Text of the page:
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How Focus Made Chick-fil-A a 50 Billion Dollar Company

As a business thinker, I'm always on the lookout for companies that are doing things differently and achieving outsized success. Recently, I came across the incredible success of Chick-fil-A, a company that makes over $50 billion in revenue, more than McDonald's, Starbucks, and Subway combined.

For more than 76 years, this company has never had a year where sales decreased and has done it without taking on a lot of debt.

But what really caught my attention was the way Chick-fil-A has achieved this success: by focusing relentlessly on a core product (chicken sandwiches), and by constantly working to improve that product over time.

I have always maintained that focus is the missing ingredient in most companies. This is why I’m super happy to write about the results of a company that focussed.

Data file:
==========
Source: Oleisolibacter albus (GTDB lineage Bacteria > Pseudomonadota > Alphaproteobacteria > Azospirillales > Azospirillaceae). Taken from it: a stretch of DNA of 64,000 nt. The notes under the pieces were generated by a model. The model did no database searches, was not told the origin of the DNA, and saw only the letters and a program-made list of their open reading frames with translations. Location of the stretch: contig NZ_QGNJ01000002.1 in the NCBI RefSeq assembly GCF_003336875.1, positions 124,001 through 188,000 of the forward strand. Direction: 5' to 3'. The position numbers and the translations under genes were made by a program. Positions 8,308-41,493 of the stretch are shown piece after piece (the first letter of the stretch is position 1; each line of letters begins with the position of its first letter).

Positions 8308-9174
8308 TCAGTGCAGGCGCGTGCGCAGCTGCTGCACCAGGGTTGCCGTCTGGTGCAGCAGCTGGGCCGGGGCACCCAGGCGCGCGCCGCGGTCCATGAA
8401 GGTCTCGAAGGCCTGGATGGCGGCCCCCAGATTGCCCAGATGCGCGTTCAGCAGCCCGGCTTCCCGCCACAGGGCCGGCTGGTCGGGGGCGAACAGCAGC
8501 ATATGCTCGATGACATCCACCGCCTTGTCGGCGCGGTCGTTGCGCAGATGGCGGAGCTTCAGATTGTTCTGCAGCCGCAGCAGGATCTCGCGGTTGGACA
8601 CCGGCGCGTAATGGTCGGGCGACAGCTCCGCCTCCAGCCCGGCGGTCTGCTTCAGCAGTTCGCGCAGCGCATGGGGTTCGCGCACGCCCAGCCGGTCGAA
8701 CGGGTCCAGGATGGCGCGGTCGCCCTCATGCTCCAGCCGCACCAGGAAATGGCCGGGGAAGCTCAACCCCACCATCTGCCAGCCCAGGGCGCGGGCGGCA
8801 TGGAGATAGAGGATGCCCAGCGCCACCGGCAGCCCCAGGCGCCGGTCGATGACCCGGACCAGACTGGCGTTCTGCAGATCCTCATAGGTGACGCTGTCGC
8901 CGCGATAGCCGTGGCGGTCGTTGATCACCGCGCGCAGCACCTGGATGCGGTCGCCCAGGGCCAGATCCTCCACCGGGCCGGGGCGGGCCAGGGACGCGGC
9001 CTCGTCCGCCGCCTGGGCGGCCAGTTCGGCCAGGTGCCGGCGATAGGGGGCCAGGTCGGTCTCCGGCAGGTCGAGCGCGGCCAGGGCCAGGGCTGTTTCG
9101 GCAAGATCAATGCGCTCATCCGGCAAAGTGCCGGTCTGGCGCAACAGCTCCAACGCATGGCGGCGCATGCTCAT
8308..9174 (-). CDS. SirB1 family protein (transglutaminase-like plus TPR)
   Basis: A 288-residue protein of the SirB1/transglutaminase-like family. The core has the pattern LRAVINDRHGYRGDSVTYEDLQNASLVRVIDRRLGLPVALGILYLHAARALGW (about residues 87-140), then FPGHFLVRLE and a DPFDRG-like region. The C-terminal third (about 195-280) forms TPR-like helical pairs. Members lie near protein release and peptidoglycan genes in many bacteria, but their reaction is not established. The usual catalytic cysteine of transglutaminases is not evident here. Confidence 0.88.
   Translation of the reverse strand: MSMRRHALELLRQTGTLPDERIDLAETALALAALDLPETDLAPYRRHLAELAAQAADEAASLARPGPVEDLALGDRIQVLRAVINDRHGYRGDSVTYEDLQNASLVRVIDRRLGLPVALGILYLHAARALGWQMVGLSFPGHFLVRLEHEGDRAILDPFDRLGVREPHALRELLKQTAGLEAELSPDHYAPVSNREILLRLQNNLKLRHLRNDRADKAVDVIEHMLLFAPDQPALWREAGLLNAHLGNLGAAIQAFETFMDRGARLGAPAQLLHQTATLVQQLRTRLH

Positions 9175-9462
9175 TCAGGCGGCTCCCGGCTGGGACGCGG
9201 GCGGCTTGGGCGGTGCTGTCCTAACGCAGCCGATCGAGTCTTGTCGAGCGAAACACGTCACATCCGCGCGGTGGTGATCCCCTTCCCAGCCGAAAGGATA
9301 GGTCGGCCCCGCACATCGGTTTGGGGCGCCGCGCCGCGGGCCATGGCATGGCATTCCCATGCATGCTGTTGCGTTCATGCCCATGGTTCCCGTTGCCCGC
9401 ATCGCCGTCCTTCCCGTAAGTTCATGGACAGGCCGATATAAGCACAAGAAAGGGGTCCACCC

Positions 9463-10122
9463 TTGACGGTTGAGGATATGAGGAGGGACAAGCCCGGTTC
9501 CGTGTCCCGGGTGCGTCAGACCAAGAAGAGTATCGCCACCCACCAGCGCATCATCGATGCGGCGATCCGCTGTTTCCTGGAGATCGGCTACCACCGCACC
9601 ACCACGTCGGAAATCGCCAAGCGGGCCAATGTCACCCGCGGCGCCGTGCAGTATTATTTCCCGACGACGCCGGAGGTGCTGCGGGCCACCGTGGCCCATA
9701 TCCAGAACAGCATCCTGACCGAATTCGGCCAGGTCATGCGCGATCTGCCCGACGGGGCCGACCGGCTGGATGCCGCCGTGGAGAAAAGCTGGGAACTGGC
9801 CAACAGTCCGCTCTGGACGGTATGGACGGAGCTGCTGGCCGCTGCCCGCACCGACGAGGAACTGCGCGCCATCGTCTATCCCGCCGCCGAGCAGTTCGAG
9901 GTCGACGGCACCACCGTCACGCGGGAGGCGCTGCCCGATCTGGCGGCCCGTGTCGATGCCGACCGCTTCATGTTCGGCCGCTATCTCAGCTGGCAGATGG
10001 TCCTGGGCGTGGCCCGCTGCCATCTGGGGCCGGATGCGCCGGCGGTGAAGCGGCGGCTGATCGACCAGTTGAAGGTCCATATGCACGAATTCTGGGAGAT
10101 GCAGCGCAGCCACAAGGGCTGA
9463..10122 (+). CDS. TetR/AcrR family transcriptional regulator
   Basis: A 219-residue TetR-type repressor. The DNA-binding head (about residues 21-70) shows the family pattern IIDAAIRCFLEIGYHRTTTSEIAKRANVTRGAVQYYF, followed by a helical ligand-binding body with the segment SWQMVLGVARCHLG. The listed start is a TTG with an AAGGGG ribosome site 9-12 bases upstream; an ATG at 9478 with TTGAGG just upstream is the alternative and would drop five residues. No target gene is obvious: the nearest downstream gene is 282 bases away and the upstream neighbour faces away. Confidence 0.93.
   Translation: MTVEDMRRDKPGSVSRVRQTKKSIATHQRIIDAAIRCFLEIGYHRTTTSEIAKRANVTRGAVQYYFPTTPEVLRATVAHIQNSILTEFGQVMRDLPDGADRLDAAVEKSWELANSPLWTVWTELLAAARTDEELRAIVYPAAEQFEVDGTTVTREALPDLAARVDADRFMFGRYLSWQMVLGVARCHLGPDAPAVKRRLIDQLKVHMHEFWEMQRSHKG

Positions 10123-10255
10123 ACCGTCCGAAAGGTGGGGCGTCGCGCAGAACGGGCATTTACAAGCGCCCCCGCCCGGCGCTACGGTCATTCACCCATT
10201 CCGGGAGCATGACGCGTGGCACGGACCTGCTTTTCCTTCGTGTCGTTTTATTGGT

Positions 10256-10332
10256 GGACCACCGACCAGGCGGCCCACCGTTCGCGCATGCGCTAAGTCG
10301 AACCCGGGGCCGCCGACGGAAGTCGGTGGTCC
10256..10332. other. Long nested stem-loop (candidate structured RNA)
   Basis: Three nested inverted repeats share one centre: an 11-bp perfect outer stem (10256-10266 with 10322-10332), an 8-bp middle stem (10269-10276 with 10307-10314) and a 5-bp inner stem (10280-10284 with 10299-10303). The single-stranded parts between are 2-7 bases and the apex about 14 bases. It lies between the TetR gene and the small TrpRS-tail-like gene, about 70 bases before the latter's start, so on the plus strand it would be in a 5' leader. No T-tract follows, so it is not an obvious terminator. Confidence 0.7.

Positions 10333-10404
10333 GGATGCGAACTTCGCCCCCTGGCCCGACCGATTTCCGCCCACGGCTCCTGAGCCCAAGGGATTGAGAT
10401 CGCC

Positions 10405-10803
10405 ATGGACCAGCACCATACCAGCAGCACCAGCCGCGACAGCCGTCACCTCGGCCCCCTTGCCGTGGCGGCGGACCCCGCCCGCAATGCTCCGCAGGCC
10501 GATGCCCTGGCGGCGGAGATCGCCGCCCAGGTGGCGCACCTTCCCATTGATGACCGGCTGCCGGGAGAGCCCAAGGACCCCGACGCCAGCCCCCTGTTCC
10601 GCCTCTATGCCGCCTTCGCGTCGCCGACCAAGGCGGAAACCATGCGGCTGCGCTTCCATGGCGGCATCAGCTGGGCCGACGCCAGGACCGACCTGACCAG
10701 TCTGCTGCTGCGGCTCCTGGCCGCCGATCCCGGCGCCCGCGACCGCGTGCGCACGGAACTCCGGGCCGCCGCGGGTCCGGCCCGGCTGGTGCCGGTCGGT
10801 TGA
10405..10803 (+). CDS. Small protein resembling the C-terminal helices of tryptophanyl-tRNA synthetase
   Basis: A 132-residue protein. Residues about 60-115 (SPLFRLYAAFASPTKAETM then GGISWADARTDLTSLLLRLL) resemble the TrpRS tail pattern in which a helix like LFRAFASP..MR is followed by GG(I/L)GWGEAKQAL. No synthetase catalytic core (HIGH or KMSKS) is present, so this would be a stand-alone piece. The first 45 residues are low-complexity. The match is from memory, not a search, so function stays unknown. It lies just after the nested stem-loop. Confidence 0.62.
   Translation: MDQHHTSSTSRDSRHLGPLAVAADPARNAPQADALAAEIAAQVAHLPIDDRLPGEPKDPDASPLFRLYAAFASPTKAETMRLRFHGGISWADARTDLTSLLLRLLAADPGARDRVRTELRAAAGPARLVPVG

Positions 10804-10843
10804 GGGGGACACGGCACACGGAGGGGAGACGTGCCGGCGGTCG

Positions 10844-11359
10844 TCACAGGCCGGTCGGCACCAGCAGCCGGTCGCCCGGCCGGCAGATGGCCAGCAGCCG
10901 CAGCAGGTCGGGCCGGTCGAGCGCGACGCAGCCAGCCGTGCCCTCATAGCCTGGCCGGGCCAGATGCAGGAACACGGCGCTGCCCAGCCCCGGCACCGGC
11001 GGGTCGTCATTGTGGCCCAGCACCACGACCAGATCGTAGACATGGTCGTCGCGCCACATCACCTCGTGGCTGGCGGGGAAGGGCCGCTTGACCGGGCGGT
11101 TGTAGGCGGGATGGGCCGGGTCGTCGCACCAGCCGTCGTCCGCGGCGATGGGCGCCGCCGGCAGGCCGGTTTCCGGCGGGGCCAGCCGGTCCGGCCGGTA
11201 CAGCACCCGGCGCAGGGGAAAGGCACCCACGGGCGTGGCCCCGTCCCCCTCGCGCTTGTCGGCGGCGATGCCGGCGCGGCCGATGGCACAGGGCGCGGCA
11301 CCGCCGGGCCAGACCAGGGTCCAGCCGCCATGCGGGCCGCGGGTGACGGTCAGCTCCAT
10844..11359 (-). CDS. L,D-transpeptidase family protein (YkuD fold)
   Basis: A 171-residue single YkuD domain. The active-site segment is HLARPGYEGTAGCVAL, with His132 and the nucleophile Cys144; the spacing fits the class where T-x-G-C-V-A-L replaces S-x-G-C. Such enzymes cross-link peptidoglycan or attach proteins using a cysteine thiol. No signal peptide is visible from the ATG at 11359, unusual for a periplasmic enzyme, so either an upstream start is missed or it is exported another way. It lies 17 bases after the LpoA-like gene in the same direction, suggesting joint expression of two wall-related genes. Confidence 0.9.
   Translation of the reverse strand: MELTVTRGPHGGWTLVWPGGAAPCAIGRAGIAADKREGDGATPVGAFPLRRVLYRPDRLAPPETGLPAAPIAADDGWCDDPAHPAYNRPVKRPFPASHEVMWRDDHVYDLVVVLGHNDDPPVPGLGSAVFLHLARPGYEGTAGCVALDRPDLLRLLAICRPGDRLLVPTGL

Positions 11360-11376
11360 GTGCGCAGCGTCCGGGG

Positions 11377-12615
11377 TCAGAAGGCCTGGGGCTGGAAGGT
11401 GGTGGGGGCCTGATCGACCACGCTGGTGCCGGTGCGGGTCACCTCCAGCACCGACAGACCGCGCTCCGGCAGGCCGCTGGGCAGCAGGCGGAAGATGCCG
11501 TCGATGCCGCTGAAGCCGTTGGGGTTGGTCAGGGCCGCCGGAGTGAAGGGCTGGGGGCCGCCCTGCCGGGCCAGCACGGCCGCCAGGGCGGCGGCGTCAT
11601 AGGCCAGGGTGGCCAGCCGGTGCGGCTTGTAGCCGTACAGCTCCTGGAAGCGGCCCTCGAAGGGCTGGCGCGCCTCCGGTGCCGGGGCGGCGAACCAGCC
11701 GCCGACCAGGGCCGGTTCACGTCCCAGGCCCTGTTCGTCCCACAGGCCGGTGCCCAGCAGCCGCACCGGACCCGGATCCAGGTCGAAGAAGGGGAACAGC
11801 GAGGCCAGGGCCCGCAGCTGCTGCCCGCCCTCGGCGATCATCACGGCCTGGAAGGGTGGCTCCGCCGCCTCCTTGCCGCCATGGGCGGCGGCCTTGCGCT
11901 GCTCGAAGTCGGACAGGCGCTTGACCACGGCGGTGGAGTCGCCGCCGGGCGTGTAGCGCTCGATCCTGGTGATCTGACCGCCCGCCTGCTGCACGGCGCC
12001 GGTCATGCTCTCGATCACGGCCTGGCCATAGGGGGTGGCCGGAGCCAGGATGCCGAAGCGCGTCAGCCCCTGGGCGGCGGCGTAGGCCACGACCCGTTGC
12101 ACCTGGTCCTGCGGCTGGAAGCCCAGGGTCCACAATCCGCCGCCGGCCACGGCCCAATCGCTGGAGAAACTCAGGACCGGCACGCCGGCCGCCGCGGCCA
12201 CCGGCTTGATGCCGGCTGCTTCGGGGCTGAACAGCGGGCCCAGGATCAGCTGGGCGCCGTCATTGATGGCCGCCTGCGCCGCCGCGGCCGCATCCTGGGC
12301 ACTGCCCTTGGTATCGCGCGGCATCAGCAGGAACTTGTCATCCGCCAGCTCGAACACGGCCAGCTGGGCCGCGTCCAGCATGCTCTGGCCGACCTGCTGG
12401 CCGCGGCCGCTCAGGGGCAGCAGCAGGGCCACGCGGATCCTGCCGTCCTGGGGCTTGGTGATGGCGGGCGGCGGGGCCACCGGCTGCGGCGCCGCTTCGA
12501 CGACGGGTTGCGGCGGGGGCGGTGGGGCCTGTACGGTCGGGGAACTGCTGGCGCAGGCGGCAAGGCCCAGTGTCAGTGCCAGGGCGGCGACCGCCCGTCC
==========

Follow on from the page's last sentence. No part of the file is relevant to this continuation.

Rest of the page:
This focus has allowed them to achieve leverage, where the same input (effort and resources) leads to more output (sales and profit). For example, they sell one-quarter the number of items of any other franchise and have a net margin of 7.5% compared to Chick-fil-A's 15%.

What's more, Chick-fil-A has done this while operating on a unique franchising model, with a controversial social setting (Being an outspoken Christian organization), high standards for franchisees, and closed on Sundays (working only 6 days). Chick-fil-A awards less than 1% of the 60,000 applications they receive per year and all stores are closed on Sundays, unlike any other franchise.

This is a reminder that the key to success is often not about doing something new, but about doing something better or differently. And in today's fast-paced world, it's easy to get caught up in the pursuit of the new and shiny, but it's important to remember that the real magic lies in making incremental improvements to something that already works well.

In short, Chick-fil-A's success serves as a powerful reminder that success comes from a focus on the essential few, and a commitment to improving those things over time. It's a lesson that all of us can take to heart in our own businesses, despite any controversial social setting.

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